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PLoS One. 2016 Feb 9;11(2):e0148974. doi: 10.1371/journal.pone.0148974. eCollection 2016.

Highly Accurate Structure-Based Prediction of HIV-1 Coreceptor Usage Suggests Intermolecular Interactions Driving Tropism.

Author information

1
Artie McFerrin Department of Chemical Engineering, Texas A&M University, College Station, TX, United States of America.
2
Texas A&M Energy Institute, Texas A&M University, College Station, TX, United States of America.
3
Department of Chemical and Biological Engineering, Princeton University, Princeton, NJ, United States of America.

Abstract

HIV-1 entry into host cells is mediated by interactions between the V3-loop of viral glycoprotein gp120 and chemokine receptor CCR5 or CXCR4, collectively known as HIV-1 coreceptors. Accurate genotypic prediction of coreceptor usage is of significant clinical interest and determination of the factors driving tropism has been the focus of extensive study. We have developed a method based on nonlinear support vector machines to elucidate the interacting residue pairs driving coreceptor usage and provide highly accurate coreceptor usage predictions. Our models utilize centroid-centroid interaction energies from computationally derived structures of the V3-loop:coreceptor complexes as primary features, while additional features based on established rules regarding V3-loop sequences are also investigated. We tested our method on 2455 V3-loop sequences of various lengths and subtypes, and produce a median area under the receiver operator curve of 0.977 based on 500 runs of 10-fold cross validation. Our study is the first to elucidate a small set of specific interacting residue pairs between the V3-loop and coreceptors capable of predicting coreceptor usage with high accuracy across major HIV-1 subtypes. The developed method has been implemented as a web tool named CRUSH, CoReceptor USage prediction for HIV-1, which is available at http://ares.tamu.edu/CRUSH/.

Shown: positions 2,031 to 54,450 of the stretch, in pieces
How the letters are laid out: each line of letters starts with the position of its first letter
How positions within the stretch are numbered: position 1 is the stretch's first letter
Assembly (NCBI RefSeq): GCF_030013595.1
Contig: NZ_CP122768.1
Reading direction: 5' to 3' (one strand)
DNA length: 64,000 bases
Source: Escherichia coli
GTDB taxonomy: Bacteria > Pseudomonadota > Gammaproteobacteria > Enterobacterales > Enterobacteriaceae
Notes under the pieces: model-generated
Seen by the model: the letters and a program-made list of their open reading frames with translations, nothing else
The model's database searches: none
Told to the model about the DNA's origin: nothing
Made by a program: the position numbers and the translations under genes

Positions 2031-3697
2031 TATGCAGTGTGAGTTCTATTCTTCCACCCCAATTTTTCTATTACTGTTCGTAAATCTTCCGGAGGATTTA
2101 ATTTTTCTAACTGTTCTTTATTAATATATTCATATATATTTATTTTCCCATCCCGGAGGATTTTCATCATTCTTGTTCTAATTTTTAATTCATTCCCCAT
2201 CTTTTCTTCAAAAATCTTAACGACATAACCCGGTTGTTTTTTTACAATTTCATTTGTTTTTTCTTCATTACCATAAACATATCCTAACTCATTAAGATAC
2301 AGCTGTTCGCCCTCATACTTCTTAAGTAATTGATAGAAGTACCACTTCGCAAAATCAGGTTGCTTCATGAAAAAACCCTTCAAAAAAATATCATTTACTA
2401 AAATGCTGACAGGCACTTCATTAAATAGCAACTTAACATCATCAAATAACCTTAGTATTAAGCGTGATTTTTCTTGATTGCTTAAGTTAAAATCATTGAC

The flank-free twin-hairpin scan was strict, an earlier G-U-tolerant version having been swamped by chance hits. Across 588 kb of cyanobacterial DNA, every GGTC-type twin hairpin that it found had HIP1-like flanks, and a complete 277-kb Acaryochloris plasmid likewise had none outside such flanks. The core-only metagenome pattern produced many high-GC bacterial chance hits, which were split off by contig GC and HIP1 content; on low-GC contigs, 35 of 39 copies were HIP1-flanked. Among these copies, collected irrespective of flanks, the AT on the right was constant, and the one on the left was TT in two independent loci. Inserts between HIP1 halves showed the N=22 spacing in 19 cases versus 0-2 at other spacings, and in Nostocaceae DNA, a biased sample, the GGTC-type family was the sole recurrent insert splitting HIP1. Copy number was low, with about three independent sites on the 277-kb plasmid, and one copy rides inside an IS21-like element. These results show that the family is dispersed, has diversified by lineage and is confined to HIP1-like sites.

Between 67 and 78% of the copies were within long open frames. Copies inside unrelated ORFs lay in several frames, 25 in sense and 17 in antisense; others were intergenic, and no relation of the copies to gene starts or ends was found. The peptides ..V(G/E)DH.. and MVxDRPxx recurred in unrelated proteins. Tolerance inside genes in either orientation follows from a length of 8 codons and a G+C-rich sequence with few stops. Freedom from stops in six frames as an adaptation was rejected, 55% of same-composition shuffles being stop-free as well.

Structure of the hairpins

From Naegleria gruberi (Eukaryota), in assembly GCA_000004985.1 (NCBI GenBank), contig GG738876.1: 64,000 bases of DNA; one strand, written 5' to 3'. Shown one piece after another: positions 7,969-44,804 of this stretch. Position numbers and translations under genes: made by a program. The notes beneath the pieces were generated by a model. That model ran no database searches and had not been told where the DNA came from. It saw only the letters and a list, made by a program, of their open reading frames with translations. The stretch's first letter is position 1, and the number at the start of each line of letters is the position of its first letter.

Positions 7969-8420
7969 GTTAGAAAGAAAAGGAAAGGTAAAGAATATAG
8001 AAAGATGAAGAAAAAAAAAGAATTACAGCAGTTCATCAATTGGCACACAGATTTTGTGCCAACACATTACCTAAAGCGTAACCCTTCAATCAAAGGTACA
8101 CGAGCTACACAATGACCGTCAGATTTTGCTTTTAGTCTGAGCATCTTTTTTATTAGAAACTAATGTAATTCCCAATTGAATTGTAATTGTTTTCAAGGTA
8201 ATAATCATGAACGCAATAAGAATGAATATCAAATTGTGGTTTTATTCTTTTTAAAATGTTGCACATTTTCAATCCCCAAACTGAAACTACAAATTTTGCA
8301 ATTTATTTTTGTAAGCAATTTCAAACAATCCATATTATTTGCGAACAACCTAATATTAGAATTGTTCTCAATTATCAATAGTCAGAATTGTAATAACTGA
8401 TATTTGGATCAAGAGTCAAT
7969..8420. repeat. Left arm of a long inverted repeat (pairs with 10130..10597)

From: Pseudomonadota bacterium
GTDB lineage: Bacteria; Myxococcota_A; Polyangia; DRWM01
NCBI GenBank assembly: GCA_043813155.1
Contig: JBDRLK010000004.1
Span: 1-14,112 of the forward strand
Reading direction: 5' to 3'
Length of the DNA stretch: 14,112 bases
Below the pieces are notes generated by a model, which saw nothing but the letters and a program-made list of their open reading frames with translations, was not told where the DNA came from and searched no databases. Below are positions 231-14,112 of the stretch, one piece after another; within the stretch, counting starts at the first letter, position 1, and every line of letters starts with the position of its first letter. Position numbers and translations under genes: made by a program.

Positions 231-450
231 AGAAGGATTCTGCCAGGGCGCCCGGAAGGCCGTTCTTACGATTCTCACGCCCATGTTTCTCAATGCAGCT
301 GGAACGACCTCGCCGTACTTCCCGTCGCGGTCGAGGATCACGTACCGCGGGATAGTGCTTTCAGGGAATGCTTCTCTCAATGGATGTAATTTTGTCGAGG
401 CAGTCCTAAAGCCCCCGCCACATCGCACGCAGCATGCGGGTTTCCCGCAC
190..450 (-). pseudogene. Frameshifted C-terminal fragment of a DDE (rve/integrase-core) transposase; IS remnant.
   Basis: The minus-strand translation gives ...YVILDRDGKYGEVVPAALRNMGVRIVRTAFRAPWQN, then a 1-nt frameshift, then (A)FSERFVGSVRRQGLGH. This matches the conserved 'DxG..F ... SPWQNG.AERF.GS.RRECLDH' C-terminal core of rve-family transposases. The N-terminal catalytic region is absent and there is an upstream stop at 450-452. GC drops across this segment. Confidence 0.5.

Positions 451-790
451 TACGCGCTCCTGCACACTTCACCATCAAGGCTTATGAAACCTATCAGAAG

PMID:
26859389
PMCID:
PMC4747591
DOI:
10.1371/journal.pone.0148974
[Indexed for MEDLINE]
Free PMC Article

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